In Oaxaca, green mole (mole verde) is one of the seven famous moles. What makes this one different is not just the lack of chocolate, but also the fresh herbs, which give it a fabulous green color. Of course every region or family has its own way of making mole. I learned this recipe from my friend from Puebla, who calls it mole pipían, referring to the pumpkin seeds used in it. Whatever you call it, it’s fantastic with chicken, fish, pork, or as a spicy sauce over a bunch of enchiladas.–Cecilia Hae-Jin Lee
LC If There is Mole, There is a Party Note
A chef in Mexico once told us that when guests are invited to a party in Mexico, it is not uncommon for them to pose the question, “Is there mole?” If the answer is no, the chef explained, well, there’s no party. To clarify, when most people think of mole, they think of black mole (mole negro), the rich, earthy, equal parts bitter and sweet concoction containing various dried chiles and a couple dozen other ingredients, slowly simmered into a sauce that’s unquestionably worth celebrating. This mole, though sort of its antithesis given its spare ingredient list and minimal investment of time, is no less party worthy. Nor will there be any fewer compliments.
Pumpkin Seed Mole
- Quick Glance
- 15 M
- 35 M
- Makes about 3 cups
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Recipe Testers Reviews
This is absolutely delicious, a revelation if you’re used to thick, dark moles based on chilies, chocolate, and tomatoes. It’s got a lovely, distinct flavor—the cumin is present but not overwhelming, while the heat of the jalapeños is assertive but not aggressive. Thanks to the pumpkin seeds, it’s got a slightly nutty taste, and the cilantro and parsley really come through in a refreshing and vibrant way. The sauce reminds me a bit of pesto, and seems equally as versatile. We ate it with hake, but I could see using it with a variety of meats and vegetables.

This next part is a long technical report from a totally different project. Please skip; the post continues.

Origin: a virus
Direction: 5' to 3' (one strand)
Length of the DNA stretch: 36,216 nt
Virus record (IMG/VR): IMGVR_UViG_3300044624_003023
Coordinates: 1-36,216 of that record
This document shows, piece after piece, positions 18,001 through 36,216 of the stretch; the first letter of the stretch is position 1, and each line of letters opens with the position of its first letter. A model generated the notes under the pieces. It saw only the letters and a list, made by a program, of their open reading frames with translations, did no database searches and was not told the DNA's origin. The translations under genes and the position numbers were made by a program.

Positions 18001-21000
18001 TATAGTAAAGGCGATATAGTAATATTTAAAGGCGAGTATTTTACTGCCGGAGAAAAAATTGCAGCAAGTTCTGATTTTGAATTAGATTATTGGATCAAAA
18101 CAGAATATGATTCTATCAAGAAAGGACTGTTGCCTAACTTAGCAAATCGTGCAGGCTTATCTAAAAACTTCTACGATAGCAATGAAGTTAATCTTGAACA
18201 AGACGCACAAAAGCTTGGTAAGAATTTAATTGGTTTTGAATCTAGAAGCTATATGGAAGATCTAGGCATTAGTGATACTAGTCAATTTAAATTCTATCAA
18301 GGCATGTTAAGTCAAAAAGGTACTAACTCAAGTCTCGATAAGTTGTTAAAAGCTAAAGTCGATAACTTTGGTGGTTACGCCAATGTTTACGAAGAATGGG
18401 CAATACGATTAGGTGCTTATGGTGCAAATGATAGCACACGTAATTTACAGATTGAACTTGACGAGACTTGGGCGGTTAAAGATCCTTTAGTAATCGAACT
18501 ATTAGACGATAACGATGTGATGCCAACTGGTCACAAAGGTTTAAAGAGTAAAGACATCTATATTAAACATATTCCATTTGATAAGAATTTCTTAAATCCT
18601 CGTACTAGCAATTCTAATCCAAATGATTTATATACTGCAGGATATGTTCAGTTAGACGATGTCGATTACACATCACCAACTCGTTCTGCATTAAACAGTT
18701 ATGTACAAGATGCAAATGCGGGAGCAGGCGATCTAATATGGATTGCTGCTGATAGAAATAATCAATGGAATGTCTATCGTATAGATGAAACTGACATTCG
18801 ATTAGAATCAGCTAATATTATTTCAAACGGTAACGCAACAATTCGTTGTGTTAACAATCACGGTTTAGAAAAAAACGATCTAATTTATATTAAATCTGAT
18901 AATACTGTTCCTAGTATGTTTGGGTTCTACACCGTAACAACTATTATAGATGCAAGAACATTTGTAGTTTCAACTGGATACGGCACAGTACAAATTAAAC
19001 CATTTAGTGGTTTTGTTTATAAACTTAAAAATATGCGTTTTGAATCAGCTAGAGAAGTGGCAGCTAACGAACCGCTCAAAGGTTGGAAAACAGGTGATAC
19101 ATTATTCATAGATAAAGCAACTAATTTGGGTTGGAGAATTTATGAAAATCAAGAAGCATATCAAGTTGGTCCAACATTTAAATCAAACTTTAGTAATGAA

While it’s not a difficult recipe, the “quick and easy” part is slightly misleading. All of the parsley and cilantro leaves you have to pick make it fairly time-consuming, though it’s certainly possible to make it in less than an hour. Also, I’d not advise using a coffee grinder for the seeds and spices—because they’re warm when you put them in there, they create steam, and leave a thick, mucky residue that’s difficult to get off. Better to use an actual spice grinder for this one.
This is an easy mole that’s much faster than many other recipes out there. I used a coffee grinder for the pepita mixture, and it worked well. In the future, I’d like a little more acid, like lime, to brighten the flavor. I’d also crank up the heat a bit. I served this with corn tortillas and grilled chicken, which made for a summery meal—perfect for our unseasonably warm weather. Overall, the recipe was a success.
This is a well-balanced mole in terms of texture, flavor, and spice. I love the slight crunchiness from the pepitas, and the herbal notes from the cilantro, parsley, and epazote. I disagree with the active prep time of 15 minutes, but I tend to be a tad slow. Also, I used a food processor to puree the vegetables, and when I added the broth, the whole thing overflowed. Thus, I had to clean up a big mess and also estimate how much additional broth to add to make up for what was lost. In the future, I’d use a blender, or puree the solid ingredients with a small amount of the broth and then add in the rest of the broth in the pot.
Despite these quibbles, the recipe is simple to put together and versatile—highly recommended. The first night, we had the mole spooned over simple grilled chicken. The second night, I cooked shrimp in the remainder of the mole and spooned it over white rice. Both were great, but the shrimp mole and rice was sublime.